“Students coming out of college are burdened with more debt than traditionally they have been, and they are also coming into an economy that is underperforming previous recoveries,” said Rick Palacios, a senior analyst at John Burns Real Estate Consulting LLC in Irvine, CA, to Bloomberg. “These things pile on each other and tell us it’s not going to help the housing recovery right now.”
Particularly as the $1 trillion mark comes closer and closer, and experts are predicting a student loan bubble being formed.
“Just as the housing bubble created a mortgage debt overhang that absorbs the income of consumers and rtenders them unable to engage in consumer spending that sustains the economy, so too are student loans beginning to have the same effect, which will be a drag on the economy for the foreseeable future,” said John Rao, vice president of the National Association of Consumer Bankruptcy Attorneys, in a Bloomberg article.
Driving Away the Fix
But cautious or not, driving away first-time homebuyers from the mortgage market is crippling the housing world.
“Potential first-time homebuyers have been disproportionately affected by the very tight conditions in mortgage markets,” said Ben Bernanke at a homebuilders conference last week, according to Bloomberg. “First-time homebuyers are typically an important source of incremental housing demand, so their smaller presence in the market affects house prices and construction quite broadly.”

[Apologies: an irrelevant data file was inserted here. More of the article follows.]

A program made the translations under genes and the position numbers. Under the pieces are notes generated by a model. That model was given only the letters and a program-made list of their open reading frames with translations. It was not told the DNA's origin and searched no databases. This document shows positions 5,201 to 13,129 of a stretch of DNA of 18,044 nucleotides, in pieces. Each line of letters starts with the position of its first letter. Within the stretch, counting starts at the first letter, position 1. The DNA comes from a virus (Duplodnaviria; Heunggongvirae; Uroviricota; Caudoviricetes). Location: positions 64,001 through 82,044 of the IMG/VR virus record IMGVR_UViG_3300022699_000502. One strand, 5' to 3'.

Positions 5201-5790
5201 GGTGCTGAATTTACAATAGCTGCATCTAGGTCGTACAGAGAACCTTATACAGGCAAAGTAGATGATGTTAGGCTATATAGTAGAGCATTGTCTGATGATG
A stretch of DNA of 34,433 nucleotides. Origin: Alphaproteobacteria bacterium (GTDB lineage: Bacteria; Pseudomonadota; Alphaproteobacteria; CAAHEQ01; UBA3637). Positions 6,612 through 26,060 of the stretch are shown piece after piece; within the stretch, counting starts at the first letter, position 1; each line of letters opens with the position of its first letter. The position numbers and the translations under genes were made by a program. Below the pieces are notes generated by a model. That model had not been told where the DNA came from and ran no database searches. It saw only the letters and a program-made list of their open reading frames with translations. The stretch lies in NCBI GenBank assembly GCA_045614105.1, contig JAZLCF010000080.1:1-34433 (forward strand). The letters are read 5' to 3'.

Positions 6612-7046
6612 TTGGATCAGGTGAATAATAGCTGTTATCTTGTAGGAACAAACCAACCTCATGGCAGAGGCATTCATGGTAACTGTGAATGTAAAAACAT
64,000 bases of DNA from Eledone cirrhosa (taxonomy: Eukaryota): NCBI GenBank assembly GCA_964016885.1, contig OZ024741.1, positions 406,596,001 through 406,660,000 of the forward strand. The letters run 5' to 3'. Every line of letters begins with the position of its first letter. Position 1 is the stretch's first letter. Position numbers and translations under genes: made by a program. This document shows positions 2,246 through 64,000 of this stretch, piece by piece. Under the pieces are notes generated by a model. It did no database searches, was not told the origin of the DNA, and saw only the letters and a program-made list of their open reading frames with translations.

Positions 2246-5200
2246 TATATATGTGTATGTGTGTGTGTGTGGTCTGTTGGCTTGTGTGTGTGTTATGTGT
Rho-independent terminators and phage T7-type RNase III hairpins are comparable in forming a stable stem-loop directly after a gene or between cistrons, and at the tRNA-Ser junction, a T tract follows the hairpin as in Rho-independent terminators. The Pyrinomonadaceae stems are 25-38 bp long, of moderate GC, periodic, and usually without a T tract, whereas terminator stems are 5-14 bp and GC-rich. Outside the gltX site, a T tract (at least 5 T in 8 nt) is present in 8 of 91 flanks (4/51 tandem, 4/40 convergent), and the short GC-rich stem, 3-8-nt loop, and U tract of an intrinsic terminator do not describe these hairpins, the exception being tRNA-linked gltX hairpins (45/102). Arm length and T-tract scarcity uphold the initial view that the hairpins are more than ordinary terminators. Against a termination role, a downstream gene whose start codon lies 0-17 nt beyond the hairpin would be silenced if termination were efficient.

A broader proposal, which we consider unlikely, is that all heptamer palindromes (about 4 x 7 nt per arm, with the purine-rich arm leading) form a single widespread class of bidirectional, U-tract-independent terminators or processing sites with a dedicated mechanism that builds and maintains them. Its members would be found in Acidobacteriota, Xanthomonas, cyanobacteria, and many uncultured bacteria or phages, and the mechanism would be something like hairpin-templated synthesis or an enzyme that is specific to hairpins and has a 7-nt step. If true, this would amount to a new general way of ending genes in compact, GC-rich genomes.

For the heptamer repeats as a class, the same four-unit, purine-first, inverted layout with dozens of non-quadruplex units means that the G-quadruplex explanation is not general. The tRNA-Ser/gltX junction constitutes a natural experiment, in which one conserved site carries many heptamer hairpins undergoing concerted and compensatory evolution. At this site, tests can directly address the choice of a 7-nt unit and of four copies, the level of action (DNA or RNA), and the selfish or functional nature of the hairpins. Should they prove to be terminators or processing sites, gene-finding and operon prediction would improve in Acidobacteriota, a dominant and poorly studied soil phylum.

Despite the fact that current student loan borrowers are being turned away from the mortgage market, some remain optimistic.
“The dream feels like it’s farther out of reach than I ever thought it would be,” said Shenck. “[But still,] I haven’t given up hope of one day owning my own home.”
While protests rage on and students plead with lawmakers to ease their student loan burdens, the last thing the younger generations want to hear is that college costs may again be on the rise.
The California State University Board of Trustees received horrible news regarding the impact that state funding cuts would have on their institutions. If a November ballot fails to be passed, the Cal State system could lose up $200 million in funding for the 2012-13 academic year, reported the LA Times.
If such a slash occurs, thousands of faculty and staff positions would be in jeopardy, some academic and athletic programs would have to be eliminated and student loans may rise.
F. King Alexander, the president of Cal State Long Beach (CSULB) believes his campus will lose $26 million if the November legislation falls through. Such an enormous funding slash would result in CSLB being forced to eliminate 400 jobs and 1,800 classes.
“We already are spending so little on our students,” explained Alexander. “We can no longer spend less on them and give them a quality education unless we reduce enrollment.”